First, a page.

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Browsing named entities in a specific section of Charles E. Stowe, Harriet Beecher Stowe compiled from her letters and journals by her son Charles Edward Stowe. Search the whole document.

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March 28th, 1853 AD (search for this): chapter 11
or your delightful letter. As for your progress and ovation here in England, I have no fear for you. You will be flattered and worshiped. You deserve it and you must bear it. I am sure that you have seen and suffered too much and too long to be injured by the foolish yet honest and heartfelt lionizing which you must go through. I have many a story to tell you when we meet about the effects of the great book upon the most unexpected people. Yours ever faithfully, C. Kingsley. March 28, 1853, Professor Stowe sent the following communication to the Committee of Examination of the Theological Seminary at Andover: As I shall not be present at the examinations this term, I think it proper to make to you a statement of the reasons of my absence. During the last winter I have not enjoyed my usual health. Mrs. Stowe also became sick and very much exhausted. At this time we had the offer of a voyage to Great Britain and back free of expense. This offer, coming as it did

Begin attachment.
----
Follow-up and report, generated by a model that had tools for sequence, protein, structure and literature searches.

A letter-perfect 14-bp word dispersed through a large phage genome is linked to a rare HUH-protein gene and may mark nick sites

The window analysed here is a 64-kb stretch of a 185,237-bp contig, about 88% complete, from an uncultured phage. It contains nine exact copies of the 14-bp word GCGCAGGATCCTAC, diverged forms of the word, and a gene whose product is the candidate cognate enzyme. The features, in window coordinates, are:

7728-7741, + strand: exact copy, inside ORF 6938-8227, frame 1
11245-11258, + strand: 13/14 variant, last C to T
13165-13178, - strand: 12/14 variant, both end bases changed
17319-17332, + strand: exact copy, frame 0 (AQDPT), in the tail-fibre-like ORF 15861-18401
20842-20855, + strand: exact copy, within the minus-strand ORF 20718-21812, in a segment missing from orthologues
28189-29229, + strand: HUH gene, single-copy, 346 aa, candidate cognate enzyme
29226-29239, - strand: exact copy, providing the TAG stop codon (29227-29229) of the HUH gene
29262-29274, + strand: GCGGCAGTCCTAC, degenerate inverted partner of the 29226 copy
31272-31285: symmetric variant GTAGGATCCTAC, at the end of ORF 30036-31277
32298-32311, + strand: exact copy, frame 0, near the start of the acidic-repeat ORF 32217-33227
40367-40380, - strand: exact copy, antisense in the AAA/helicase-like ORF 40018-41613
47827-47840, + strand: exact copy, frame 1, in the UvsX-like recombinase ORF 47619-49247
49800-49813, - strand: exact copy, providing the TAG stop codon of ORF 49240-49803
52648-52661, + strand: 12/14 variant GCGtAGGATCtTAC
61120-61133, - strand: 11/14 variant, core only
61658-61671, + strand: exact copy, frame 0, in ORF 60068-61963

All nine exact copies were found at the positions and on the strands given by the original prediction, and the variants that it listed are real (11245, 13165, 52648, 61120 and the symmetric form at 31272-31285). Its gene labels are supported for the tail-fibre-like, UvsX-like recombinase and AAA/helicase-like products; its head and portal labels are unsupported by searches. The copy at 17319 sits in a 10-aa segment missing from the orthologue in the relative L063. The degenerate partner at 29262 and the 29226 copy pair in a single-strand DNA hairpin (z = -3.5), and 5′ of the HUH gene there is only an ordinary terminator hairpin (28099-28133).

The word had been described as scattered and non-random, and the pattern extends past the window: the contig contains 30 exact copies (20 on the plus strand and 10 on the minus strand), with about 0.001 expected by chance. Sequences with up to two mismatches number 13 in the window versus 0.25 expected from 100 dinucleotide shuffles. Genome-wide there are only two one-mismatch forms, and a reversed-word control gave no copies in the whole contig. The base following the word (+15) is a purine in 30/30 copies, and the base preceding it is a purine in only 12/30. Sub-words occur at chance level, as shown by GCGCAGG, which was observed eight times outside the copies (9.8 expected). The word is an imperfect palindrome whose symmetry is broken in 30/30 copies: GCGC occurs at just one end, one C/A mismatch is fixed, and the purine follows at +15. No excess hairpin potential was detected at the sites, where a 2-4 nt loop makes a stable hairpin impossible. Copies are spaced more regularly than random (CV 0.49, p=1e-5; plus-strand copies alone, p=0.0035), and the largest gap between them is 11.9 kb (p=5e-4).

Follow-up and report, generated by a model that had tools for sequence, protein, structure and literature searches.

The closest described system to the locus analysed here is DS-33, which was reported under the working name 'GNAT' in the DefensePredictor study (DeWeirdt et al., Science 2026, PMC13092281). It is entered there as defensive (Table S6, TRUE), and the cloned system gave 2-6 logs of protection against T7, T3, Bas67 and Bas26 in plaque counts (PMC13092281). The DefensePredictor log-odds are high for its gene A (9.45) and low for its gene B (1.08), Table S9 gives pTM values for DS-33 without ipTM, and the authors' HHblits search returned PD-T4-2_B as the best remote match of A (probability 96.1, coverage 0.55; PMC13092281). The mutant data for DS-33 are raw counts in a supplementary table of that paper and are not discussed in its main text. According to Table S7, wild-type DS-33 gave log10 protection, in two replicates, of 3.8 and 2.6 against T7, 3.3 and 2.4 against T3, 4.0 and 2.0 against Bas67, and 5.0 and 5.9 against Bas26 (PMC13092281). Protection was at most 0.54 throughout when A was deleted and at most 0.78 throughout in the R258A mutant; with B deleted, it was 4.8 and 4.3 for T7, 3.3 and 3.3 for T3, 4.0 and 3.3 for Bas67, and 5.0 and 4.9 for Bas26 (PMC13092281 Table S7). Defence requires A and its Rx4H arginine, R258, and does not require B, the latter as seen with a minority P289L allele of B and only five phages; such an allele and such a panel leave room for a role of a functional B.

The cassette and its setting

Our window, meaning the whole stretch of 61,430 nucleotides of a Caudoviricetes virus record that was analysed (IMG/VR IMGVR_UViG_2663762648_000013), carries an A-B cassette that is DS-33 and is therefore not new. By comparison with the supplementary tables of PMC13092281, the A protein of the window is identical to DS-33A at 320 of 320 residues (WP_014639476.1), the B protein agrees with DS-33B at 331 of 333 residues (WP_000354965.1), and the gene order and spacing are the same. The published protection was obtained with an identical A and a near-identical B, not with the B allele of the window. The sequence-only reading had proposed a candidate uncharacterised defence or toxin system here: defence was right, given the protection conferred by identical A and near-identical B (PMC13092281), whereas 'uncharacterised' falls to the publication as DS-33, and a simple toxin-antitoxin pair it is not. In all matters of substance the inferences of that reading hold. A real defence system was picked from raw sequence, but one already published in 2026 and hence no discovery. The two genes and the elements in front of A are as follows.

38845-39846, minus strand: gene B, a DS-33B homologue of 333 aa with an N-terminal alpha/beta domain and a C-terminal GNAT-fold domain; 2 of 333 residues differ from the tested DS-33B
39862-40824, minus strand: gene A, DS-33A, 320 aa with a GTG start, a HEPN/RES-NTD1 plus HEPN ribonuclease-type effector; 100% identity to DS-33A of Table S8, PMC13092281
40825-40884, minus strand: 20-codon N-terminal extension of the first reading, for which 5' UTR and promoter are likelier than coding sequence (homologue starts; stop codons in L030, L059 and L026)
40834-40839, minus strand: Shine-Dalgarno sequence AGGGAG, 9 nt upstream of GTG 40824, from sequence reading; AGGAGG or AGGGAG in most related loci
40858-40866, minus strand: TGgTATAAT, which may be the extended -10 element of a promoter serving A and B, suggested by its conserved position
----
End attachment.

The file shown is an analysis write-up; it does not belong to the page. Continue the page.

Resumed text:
April 1st, 1853 AD (search for this): chapter 11
se the sins of those dearest. So I am called to draw up this fearful witness against my country and send it into all countries, that the general voice of humanity may quicken our paralyzed vitality, that all Christians may pray for us, and that shame, honor, love of country, and love of Christ may be roused to give us strength to cast out this mighty evil. Yours for the oppressed, H. B. Stowe. This harassing, brain-wearying, and heart-sickening labor was continued until the first of April, 1853, when, upon invitation of the Anti-Slavery Society of Glasgow, Scotland, Mrs. Stowe, accompanied by her husband and her brother, Charles Beecher, sailed for Europe. In the mean time the success of Uncle Tom's Cabin abroad was already phenomenal and unprecedented. From the pen of Mr. Sampson Low, the well-known London publisher, we have the following interesting statement regarding it-- The first edition printed in London was in April, 1852, by Henry Vizetelly, in a neat volum
Delia Bacon (search for this): chapter 11
Well, I have received a sweet note from Jenny Lind, with her name and her husband's with which to head my subscription list. They give a hundred dollars. Another hundred is subscribed by Mr. Bowen in his wife's name, and I have put my own name down for an equal amount. A lady has given me twenty-five dollars, and Mr. Storrs has pledged me fifty dollars. Milly and I are to meet the ladies of Henry's and Dr. Cox's churches to-morrow, and she is to tell them her story. I have written to Drs. Bacon and Dutton in New Haven to secure a similar meeting of ladies there. I mean to have one in Boston, and another in Portland. It will do good to the givers as well as to the receivers. But all this time I have been so longing to get your letter from New Haven, for I heard it was there. It is not fame nor praise that contents me. I seem never to have needed love so much as now. I long to hear you say how much you love me. Dear one, if this effort impedes my journey home, and wastes some
Charles Beecher (search for this): chapter 11